This is a nice little introduction to the Greek pantheon of gods. This book is very engaging for young children, with well-written text and appealing illustrations laying out the basic events of these stories in a way that is understandable to an elementary audience. Readers are invited to enter into the story world in the author's afterword: "The next time you hear a clap of thunder, or feel the wind, or see golden wheat swaying in the fields, or hear exquisite music, what will you think? Is th This is a nice little introduction to the Greek pantheon of gods. This book is very engaging for young children, with well-written text and appealing illustrations laying out the basic events of these stories in a way that is understandable to an elementary audience. Readers are invited to enter into the story world in the author's afterword: "The next time you hear a clap of thunder, or feel the wind, or see golden wheat swaying in the fields, or hear exquisite music, what will you think? Is that Zeus shaking his thunderbolt, or Hermes flying past? Is it Demeter playing with her Persephone? Is that Apollo's song filling our ears? They are still with us." Parents may want to use caution in introducing religious-mythological stories before children are strongly rooted in their own faith. This particular book is presented in a way might encourage the immature reader to interpret the stories as being literally true, and this may cause confusion about the differences between this mythology and the claims of their own faith. Additionally, many of the Greek myths involve violent and abusive behavior, bitter feuds, and sexual immorality or abuse, which may merit adult discussion. If a child outgrows the reading level of Aliki's book before they are ready to engage its content, they might do better with Rosemary Sutcliff's stories, which include a more full-orbed presentation of the great Greek stories, directed toward a more mature audience. Alan Lee has masterfully illustrated two of these, Black Ships Before Troy: The Story of The Iliad and The Wanderings of Odysseus: The Story of The Odyssey, making them quite appealing to older-elementary and middle-school readers. (Black Ships Before Troy, however, does contain one example of mild nudity.) For more detailed reviews of Sutcliff's books, please see The Children's Hour.

  5. 5 out of 5

    Samantha

    Clearly laid out, this beautiful adaptation of traditional Greek myths for children, with full page illustrations throughout, first tells the creation story of the ancient Greeks, then follows with the individual description and stories of each of the traditional Greek gods and goddesses. At first I was quite taken aback with the illustrations because all of the gods and goddesses looked so similar; however, when I discovered that they had been adapted from Greek vase paintings and sculptures, I Clearly laid out, this beautiful adaptation of traditional Greek myths for children, with full page illustrations throughout, first tells the creation story of the ancient Greeks, then follows with the individual description and stories of each of the traditional Greek gods and goddesses. At first I was quite taken aback with the illustrations because all of the gods and goddesses looked so similar; however, when I discovered that they had been adapted from Greek vase paintings and sculptures, I liked them much better. Some of them were very detailed and colorful, and I liked how the illustrations matched the plot, making it easier to follow the sometimes confusing myths. Again, like other traditional tales I have read, these story lend themselves to being read aloud. I have always been a fan of the Greek myths, because they are such fascinating tales, so I enjoyed reading them in this format.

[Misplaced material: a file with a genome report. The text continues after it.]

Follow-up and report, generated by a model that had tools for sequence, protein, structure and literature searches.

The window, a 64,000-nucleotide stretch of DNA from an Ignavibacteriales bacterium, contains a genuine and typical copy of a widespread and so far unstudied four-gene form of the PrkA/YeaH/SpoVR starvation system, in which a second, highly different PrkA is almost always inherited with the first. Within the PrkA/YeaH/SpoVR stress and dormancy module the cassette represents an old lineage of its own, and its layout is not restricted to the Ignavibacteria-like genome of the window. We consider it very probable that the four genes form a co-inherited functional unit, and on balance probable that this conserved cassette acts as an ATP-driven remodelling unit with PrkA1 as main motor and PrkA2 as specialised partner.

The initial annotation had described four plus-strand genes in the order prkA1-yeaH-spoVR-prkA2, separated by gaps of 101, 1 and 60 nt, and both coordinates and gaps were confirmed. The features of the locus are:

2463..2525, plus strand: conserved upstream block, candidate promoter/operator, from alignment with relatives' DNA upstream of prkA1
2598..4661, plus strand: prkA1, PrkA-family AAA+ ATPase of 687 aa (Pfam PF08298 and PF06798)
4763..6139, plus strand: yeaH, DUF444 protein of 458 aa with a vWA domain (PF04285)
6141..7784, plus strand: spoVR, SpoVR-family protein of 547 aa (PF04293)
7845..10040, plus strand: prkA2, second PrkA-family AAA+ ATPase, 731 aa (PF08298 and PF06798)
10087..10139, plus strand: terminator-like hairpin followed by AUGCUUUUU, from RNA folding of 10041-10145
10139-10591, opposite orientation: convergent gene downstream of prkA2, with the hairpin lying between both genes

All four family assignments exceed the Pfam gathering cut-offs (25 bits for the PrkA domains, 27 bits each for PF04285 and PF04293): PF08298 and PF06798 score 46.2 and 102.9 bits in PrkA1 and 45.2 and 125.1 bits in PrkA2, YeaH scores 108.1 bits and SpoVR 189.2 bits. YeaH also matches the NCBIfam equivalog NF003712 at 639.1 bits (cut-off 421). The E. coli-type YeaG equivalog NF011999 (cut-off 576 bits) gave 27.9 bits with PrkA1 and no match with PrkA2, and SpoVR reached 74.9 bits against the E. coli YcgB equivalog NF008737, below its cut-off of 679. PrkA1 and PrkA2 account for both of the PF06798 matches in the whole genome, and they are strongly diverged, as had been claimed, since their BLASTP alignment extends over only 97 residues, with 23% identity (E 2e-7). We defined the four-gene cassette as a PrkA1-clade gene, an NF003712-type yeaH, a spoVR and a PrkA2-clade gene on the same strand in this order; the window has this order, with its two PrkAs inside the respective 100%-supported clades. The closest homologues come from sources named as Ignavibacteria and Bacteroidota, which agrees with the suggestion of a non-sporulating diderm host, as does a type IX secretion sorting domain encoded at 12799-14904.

6. 4 out of 5

    Rebecca S.

    This was probably my favorite book as a kid. I picked it up almost as soon as I could read (it was probably the amazing illustrations.)I checked it out every time we went to the library. At one point I had it memorized. This book hooked me on mythology, and I blame it for my degree in Anthropology (which should have just been a degree in Classics.) The illustrations are amazing, and the myths inside are kid-friendly without actually changing the myths. This book is just like my childhood in book This was probably my favorite book as a kid. I picked it up almost as soon as I could read (it was probably the amazing illustrations.)I checked it out every time we went to the library. At one point I had it memorized. This book hooked me on mythology, and I blame it for my degree in Anthropology (which should have just been a degree in Classics.) The illustrations are amazing, and the myths inside are kid-friendly without actually changing the myths. This book is just like my childhood in book form. I saw Disney's Hercules in the theater and told my mom all the stuff that was wrong thanks to this book.

  7. 4 out of 5

    Colin